Prime Rate

also known as the Fed, National or United States Prime Rate,
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Tuesday, August 05, 2008

Fifth FOMC Meeting of 2008 Adjourned: The Prime Rate Remains at 5.00%

The Federal Open Market Committee (FOMC) of the Federal Reserve has just adjourned its fifth monetary policy meeting of 2008, and, in keeping with the latest forecast, the FOMC has voted to leave short-term interest rates at their current level. Therefore, the benchmark Federal Funds Target Rate will remain at 2.00%, and the Wall Street JournalĀ® Prime Rate (also known as the U.S., Fed or national Prime Rate) will remain at the current 5.00%.

Here's a clip from the press release that was issued by the FOMC earlier this afternoon:

"...The Federal Open Market Committee decided today to keep its target for the federal funds rate at 2 percent.

Economic activity expanded in the second quarter, partly reflecting growth in consumer spending and exports. However, labor markets have softened further and financial markets remain under considerable stress. Tight credit conditions, the ongoing housing contraction, and elevated energy prices are likely to weigh on economic growth over the next few quarters. Over time, the substantial easing of monetary policy, combined with ongoing measures to foster market liquidity, should help to promote moderate economic growth.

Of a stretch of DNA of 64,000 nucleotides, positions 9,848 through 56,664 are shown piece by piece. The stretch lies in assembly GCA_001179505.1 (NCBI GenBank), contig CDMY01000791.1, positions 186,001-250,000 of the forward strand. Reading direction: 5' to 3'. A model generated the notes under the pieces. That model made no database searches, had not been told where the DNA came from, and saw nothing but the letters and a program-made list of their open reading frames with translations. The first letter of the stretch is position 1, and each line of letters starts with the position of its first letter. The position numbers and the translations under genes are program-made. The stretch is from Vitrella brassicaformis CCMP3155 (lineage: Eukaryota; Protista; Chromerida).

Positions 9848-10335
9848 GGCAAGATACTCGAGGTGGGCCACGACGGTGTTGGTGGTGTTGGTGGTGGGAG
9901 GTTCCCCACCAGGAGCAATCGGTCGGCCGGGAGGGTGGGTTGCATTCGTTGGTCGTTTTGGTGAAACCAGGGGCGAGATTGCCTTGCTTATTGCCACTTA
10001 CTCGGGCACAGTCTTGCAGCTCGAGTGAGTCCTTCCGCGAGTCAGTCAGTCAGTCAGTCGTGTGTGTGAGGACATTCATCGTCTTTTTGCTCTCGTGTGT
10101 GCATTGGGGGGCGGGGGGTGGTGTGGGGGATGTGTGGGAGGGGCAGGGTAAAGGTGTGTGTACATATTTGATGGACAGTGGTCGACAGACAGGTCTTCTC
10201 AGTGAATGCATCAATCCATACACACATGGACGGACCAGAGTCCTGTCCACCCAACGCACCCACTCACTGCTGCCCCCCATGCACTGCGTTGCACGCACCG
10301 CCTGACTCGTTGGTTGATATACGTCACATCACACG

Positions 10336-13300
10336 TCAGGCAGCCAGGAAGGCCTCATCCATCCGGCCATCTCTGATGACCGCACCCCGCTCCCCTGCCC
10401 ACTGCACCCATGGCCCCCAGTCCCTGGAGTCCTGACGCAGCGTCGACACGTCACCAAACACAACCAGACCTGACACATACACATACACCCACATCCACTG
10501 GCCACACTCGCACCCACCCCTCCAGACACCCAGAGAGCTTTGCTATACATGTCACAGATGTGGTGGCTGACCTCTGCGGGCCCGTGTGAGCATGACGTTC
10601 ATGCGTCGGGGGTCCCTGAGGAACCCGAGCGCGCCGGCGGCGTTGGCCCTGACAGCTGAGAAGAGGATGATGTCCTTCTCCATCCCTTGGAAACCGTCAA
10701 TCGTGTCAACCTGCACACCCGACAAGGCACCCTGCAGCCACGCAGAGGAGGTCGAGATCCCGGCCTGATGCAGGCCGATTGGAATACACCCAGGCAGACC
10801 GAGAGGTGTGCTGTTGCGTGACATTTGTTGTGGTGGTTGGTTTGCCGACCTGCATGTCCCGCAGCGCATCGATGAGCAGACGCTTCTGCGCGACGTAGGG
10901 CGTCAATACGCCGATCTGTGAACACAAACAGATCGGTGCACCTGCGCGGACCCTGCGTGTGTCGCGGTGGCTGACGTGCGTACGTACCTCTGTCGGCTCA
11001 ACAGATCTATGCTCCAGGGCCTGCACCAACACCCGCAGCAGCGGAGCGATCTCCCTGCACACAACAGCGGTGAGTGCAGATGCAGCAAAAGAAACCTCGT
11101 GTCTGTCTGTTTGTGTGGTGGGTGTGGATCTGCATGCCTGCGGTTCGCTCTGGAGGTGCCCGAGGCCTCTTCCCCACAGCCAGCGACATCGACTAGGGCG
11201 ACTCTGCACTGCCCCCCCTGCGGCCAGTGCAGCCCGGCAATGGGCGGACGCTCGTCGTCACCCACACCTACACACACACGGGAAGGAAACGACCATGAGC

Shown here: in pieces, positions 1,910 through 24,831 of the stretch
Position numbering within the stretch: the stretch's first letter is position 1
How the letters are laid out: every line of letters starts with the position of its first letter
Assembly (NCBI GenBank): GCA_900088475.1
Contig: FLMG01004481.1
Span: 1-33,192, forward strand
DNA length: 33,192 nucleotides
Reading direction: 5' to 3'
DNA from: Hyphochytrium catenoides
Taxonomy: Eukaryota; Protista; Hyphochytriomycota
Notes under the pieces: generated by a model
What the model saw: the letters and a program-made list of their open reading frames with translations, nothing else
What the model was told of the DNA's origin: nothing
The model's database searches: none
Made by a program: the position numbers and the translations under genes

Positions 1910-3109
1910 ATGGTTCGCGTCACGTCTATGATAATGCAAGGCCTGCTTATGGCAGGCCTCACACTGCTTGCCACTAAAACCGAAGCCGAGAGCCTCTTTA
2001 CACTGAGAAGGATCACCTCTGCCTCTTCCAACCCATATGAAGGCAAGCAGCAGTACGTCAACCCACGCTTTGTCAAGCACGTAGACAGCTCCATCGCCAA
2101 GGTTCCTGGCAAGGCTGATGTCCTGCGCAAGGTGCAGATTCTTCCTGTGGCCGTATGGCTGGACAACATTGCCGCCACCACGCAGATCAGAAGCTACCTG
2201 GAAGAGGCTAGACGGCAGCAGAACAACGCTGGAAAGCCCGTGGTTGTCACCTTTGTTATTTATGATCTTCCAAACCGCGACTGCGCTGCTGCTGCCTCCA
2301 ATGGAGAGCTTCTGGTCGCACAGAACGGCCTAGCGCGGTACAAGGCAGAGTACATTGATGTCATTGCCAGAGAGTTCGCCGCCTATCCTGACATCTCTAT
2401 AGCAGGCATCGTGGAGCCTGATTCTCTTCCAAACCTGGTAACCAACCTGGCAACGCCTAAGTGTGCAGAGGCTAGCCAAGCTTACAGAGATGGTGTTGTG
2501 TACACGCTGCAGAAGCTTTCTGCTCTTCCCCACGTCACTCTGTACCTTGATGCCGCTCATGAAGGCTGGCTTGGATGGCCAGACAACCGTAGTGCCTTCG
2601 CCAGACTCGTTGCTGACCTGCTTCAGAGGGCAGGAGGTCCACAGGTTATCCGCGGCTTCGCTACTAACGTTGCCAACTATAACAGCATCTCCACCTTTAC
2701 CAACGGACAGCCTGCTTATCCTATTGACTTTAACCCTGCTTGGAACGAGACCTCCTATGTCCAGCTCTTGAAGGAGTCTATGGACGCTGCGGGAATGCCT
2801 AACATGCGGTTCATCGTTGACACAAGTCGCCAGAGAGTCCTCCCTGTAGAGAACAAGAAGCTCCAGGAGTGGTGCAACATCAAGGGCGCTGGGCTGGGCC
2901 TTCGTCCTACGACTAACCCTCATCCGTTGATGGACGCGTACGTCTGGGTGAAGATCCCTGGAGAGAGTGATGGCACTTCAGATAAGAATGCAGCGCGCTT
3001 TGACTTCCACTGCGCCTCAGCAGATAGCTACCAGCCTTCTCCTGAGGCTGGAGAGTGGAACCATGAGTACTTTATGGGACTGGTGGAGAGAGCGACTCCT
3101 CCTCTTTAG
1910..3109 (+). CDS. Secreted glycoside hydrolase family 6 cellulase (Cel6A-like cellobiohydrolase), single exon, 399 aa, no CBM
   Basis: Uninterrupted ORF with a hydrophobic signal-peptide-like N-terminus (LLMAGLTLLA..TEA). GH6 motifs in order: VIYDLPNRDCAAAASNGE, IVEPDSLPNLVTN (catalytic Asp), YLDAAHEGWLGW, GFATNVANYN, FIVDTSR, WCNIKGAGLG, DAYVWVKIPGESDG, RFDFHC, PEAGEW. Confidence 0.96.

Inflation has been high, spurred by the earlier increases in the prices of energy and some other commodities, and some indicators of inflation expectations have been elevated. The Committee expects inflation to moderate later this year and next year, but the inflation outlook remains highly uncertain.

Although downside risks to growth remain, the upside risks to inflation are also of significant concern to the Committee. The Committee will continue to monitor economic and financial developments and will act as needed to promote sustainable economic growth and price stability.

Voting for the FOMC monetary policy action were: Ben S. Bernanke, Chairman; Timothy F. Geithner, Vice Chairman; Elizabeth A. Duke; Donald L. Kohn; Randall S. Kroszner; Frederic S. Mishkin; Sandra Pianalto; Charles I. Plosser; Gary H. Stern; and Kevin M. Warsh. Voting against was Richard W. Fisher, who preferred an increase in the target for the federal funds rate at this meeting..."

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